The Institute Advocates for the Extension of Tax Credits as a Poverty Reduction Tool for Working Families
The Youth Development Institute (Instituto del Desarrollo de la Juventud) recognizes the that potential tax credits have to increase the economic security of families that continue to live at or near the poverty level, even if they are working families. According to Kids Count data, nearly 1 in 3 working families in the island live at or near the poverty level. For this reason, we are promoting the extension of tax credits as a poverty reduction tool for working families where the family unit includes children under 18.
Tax credits are benefits received by working families once they submit their taxes; it may be a reduction in the taxes paid or a tax refund. These credits can help increase participation in the job market and reduce poverty; those who receive them use them to pay debt, open savings accounts and for activities that promote economic mobility. Therefore, when people start to work, they are able to progress; this in turn leads them to economic self-sufficiency.
Many experts in Puerto Rico and the mainland United States have highlighted the critical need to increase participation in the island’s work force, which is currently at 39%. In this context, tax credits would represent an incentive for people to stay in the work force.
The earned income tax credit (EITC), which is paid to families that continue to work, would bring great relief for working families with children. For example, if a single mother with two children earns an annual income of $19,000, she would be eligible for a $1,200 refund when she submits her taxes. This would bring this family over the poverty level of $19,337 for this household composition.
On the other hand, it is also important to extend the Child Tax Credit (CTC) to families with one or two children in Puerto Rico. Currently, only families with three or more children are eligible to receive it. However, only 12% of families with children in Puerto Rico have more than three minors. Consequently, if the benefit is extended with one or two children, 355,000 additional families would receive an average credit of $1,500 per year. This would bring an additional $270 million into the economy each year.
Additionally, this matter has bipartisan support in Congress and has been included in nine proposed legislations. A total of 53 congresspeople have co-sponsored these bills, however, they have usually been proposed by only one party and this has hindered approval. For this reason, it is essential that leaders in the diaspora and in Puerto Rico focus on this as a high priority matter.
As part of the campaign in the following link bit.ly/PRchildtax Puerto Ricans in the diaspora were encouraged to contact their congresspeople and ask them to support this initiative. It has bipartisan support, as well as the specific support of Congresswoman Jenniffer Gonzalez, Republican Senators Orrin Hatch and Marco Rubio, Democratic Senator Robert Menendez, and Democratic Representative Nydia Velazquez, who is of Puerto Rican descent.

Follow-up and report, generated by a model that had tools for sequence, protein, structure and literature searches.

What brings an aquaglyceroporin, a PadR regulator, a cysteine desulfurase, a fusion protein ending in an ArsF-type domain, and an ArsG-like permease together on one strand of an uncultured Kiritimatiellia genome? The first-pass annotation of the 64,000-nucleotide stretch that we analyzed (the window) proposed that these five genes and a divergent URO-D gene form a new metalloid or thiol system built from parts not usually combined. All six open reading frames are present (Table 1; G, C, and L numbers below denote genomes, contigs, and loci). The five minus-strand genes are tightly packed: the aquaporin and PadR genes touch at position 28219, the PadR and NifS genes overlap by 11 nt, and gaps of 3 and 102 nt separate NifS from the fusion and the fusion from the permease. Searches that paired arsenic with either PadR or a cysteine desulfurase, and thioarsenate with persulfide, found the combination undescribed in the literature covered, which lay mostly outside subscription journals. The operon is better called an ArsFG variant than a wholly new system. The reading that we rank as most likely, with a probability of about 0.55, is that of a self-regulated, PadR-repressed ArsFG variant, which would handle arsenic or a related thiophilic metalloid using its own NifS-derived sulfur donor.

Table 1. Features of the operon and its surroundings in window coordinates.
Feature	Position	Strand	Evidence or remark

Over 50 civil society organizations in Puerto Rico and in the diaspora have signed and endorsed a petition letter the IDJ will deliver to Congress. More than 50 individuals have also filled out the electronic form to submit a petition to their congressperson. In the petitions, these individuals state their support of the CTC extension for families in Puerto Rico.
The CTC is definitely a powerful tool in the fight against child poverty, especially if we keep in mind that, in 2017, 57.8% of children in Puerto Rico lived under the poverty level and 38.5 percent in extreme poverty.
In order to visualize the situation more clearly, it is important to highlight that in 2016, 2.7 million people, including 1.5 children, were able to rise out of poverty in the United States thanks to the CTC. At the same time, poverty conditions were mitigated for another 12.3 million people, including 6.1 million children, thanks to the CTC.
However, we recognize that tax credits alone will not solve the stark child poverty problem in Puerto Rico. It would be irresponsible to make such a claim. There is a need for public policy that considers the obstacles faced by parents when entering the work force, the benefit eligibility regulations that hinder the transition to employment and the fragmentation of benefits. However, there is no doubt that this is an initial step in the right direction when it comes to promoting economic security improvements for families with children.
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